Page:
Networks for Prosperity: Connecting Development Knowledge Beyond 2015

The report illustrates the importance of  network governance in the context of economic globalization, aid and  development. It argues that this is of particular relevance in the  context of the current debate on the establishment of a new set of  global development goals by 2015. The updated 2012 Connectedness Index,  covering 132 countries, shows that many emerging economies – such as  Chile, Costa Rica, South Africa and Viet Nam – have systematically  improved their connectedness.

The top 10 performers in the 2012 Connectedness  Index are Switzerland, Sweden, Denmark, Netherlands, Belgium, Finland,  Singapore, Ireland, Canada and the United States, according to a new  report released today by the United Nations Industrial Development  Organization (UNIDO).

Since last year, Canada and Ireland have  significantly improved their positions but the United States, while  still among the top 10, has lost six places in the index due to its  deteriorating international connectedness sub-index and is now ranked  10th.

A strong correlation exists between a country’s  connectedness – its readiness for the challenges of globalization – and  its government effectiveness, regulatory quality, competitive  industrial performance and overall economic success. Based on this  evidence, the report urges the international community to adopt network  governance and knowledge network approaches in its global development  strategies and the post-Millennium Development Goals agenda. It also  recommends middle-income countries to strengthen their role in global  development cooperation through intensified knowledge networking and  South-South cooperation.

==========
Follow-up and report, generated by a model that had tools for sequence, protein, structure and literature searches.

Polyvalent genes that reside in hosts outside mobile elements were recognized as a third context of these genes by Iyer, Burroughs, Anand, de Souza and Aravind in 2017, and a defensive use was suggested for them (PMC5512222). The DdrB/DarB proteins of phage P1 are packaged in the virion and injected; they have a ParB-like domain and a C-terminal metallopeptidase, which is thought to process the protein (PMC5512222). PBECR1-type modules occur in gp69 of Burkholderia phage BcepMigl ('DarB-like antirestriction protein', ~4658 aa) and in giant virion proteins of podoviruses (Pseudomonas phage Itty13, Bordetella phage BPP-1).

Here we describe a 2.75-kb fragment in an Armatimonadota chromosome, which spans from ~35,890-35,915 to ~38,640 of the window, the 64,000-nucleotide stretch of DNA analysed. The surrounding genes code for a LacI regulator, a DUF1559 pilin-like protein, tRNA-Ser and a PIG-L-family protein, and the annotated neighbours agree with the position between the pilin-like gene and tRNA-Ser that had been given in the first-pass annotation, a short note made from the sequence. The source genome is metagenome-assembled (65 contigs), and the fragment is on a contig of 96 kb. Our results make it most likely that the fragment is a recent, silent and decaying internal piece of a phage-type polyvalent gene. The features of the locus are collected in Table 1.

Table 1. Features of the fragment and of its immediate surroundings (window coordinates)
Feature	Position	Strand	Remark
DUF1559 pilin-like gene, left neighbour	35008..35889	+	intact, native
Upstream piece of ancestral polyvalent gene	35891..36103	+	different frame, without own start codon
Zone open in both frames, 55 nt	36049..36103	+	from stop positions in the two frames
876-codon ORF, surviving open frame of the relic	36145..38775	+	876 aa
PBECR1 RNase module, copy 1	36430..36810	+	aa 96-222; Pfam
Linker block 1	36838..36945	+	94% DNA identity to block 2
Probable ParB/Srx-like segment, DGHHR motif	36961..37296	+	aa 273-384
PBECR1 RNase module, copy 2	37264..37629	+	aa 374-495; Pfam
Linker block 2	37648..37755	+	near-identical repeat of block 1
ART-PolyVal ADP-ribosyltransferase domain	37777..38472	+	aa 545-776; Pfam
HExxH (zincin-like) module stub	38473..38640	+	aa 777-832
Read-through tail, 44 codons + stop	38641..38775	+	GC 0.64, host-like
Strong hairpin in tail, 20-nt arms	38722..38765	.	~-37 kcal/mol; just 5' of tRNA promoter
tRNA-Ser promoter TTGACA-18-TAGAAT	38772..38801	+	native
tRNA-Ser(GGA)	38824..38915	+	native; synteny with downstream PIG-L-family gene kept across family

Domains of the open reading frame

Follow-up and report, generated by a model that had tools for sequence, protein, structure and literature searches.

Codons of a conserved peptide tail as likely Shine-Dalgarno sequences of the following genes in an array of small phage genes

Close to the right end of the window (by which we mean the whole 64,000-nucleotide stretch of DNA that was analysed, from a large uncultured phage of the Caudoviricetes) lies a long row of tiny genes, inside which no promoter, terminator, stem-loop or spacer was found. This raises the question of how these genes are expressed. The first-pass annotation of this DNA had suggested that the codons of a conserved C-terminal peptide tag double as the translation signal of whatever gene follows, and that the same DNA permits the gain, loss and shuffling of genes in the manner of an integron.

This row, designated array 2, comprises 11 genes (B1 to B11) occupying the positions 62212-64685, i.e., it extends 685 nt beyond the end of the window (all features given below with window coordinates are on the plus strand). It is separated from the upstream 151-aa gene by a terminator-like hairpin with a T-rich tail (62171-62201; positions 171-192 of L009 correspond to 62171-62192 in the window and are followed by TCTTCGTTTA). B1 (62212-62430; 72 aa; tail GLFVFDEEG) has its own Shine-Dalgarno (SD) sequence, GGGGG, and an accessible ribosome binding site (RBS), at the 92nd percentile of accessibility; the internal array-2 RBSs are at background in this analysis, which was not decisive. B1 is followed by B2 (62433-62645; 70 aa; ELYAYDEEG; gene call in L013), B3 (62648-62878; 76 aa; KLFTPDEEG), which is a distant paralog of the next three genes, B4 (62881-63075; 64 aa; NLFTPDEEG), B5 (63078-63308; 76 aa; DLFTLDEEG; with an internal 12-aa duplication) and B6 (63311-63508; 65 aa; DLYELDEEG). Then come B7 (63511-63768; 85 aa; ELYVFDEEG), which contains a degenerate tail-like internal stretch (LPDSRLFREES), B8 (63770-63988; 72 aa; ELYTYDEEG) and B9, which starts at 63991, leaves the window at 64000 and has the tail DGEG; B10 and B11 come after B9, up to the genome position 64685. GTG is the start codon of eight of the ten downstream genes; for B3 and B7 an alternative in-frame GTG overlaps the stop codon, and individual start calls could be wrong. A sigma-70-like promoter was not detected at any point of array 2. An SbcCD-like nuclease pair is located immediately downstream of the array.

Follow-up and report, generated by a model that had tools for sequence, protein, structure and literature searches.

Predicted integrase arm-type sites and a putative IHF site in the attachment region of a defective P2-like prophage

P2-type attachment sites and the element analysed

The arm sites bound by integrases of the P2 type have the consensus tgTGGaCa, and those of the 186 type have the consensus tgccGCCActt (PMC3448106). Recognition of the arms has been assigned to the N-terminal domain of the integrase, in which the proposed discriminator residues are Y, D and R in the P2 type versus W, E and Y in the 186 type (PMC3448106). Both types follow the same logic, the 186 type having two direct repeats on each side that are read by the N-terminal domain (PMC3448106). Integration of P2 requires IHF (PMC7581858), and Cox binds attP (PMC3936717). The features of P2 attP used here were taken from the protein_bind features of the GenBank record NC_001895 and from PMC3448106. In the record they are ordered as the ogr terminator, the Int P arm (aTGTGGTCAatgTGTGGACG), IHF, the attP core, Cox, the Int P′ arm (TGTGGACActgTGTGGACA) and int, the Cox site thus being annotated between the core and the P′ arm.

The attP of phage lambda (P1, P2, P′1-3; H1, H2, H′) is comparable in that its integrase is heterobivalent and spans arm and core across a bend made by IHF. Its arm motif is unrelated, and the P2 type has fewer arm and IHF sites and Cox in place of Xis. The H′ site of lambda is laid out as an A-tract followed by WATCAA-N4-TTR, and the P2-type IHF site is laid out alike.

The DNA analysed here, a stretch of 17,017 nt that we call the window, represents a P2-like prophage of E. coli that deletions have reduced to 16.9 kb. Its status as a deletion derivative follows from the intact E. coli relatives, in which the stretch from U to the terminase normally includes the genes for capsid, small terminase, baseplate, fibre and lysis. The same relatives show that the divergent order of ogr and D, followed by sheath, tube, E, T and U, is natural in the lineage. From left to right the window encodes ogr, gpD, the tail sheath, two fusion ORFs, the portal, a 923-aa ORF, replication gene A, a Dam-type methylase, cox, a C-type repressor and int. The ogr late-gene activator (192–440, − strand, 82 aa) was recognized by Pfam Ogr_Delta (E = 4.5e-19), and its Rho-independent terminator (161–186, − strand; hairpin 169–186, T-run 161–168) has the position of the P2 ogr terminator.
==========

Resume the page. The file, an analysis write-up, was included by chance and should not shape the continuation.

This report has been jointly produced by UNIDO  and the Centre for Global Governance Studies in Leuven, Belgium, under  the overall umbrella of the Spanish MDG Achievement Fund. It includes  contributions from a wide variety of experts in the field of knowledge  networks and network governance.

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